Traditionally, businesses concentrating on selling a product or service. The money was made at the point of the initial sale. All the focus was on making the product or service stand out based on quality, convenience, easy of use, cost, or a host of other characteristics.
Eventually savvy entrepreneurs learned about the up sell or add on.
For the past few years I've noticed a different model. Rather than the business hinging on the initial sale, it thrived on the repeat customers buying consumable supplies.
The first time I encountered this — without ever recognizing it — was with my sister's Easy-Bake Oven. I don't know how much the oven cost, but I'm positive the cost of those dozens and dozens of itty bitty bags of flour and sugar had an enormous profit margin — and brought in many, many times the cost of the oven itself.
The first time I really paid attention to the model was with printer ink. Personal computer printers – that once carried a hefty price tag — were being given away…free! I couldn't believe it and wondered what the catch was. The catch, as it turned out, was that the money wasn't in the printer, it was in the ink cartridges. Some companies have an entire business built on offering replaceable ink cartridges, because once you have a printer, you are almost guaranteed to buy ink to make it useful.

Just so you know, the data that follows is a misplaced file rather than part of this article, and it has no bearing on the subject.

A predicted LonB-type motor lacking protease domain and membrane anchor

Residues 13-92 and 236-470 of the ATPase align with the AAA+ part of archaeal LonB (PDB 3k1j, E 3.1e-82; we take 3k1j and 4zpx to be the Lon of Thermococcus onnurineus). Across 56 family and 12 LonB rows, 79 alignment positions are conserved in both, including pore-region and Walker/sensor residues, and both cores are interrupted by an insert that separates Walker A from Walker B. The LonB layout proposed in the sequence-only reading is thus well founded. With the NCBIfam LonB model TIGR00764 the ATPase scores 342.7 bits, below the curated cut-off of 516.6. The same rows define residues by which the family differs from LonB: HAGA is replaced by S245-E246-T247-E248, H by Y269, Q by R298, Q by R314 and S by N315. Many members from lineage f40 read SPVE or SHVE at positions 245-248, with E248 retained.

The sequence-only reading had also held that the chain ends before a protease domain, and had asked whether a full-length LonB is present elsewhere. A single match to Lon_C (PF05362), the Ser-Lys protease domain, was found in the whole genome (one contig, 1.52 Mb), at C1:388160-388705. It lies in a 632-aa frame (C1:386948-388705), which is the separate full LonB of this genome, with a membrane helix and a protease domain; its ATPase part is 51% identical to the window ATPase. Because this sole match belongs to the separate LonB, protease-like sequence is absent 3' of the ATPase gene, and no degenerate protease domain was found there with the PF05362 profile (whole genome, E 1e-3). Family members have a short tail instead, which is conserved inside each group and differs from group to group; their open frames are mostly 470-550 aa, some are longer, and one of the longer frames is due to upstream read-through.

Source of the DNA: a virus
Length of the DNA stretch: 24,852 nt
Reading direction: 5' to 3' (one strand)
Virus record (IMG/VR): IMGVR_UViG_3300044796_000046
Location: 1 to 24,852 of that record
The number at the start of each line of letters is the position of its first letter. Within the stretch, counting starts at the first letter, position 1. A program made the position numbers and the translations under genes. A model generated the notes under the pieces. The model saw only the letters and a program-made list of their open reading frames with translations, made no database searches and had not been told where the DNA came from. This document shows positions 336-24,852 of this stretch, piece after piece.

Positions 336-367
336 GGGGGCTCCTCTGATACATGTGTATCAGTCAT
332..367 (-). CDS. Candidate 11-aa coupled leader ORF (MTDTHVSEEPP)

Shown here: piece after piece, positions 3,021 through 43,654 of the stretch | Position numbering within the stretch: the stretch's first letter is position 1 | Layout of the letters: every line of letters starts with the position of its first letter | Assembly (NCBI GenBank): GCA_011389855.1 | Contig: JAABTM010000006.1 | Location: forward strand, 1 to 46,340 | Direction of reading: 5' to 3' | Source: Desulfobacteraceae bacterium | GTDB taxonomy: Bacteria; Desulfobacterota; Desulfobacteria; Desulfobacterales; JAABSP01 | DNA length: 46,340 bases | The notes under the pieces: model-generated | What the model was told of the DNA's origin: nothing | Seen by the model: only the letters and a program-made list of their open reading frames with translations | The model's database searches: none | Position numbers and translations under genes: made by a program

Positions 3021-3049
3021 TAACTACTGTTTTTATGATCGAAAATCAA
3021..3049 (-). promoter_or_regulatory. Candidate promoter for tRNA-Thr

Some other examples are:
- vacuum bags
- snow cone flavorings
- razor blades
- pen cartridges
- soda flavoring
- coffee brew packs
- weed whacker string
- windshield wipers
- craft machine software
- cleaning product replacement heads
- cell phone service contracts
If you're an entrepreneur, consider how this model might work for you. Is there something you can sell that will bring long-term repeat business with a consumable component?
Sometimes being successful in business is achieved by stepping back from from our concentrated work to see the bigger picture. From that viewpoint we can often see more possibilities than we ever imagined.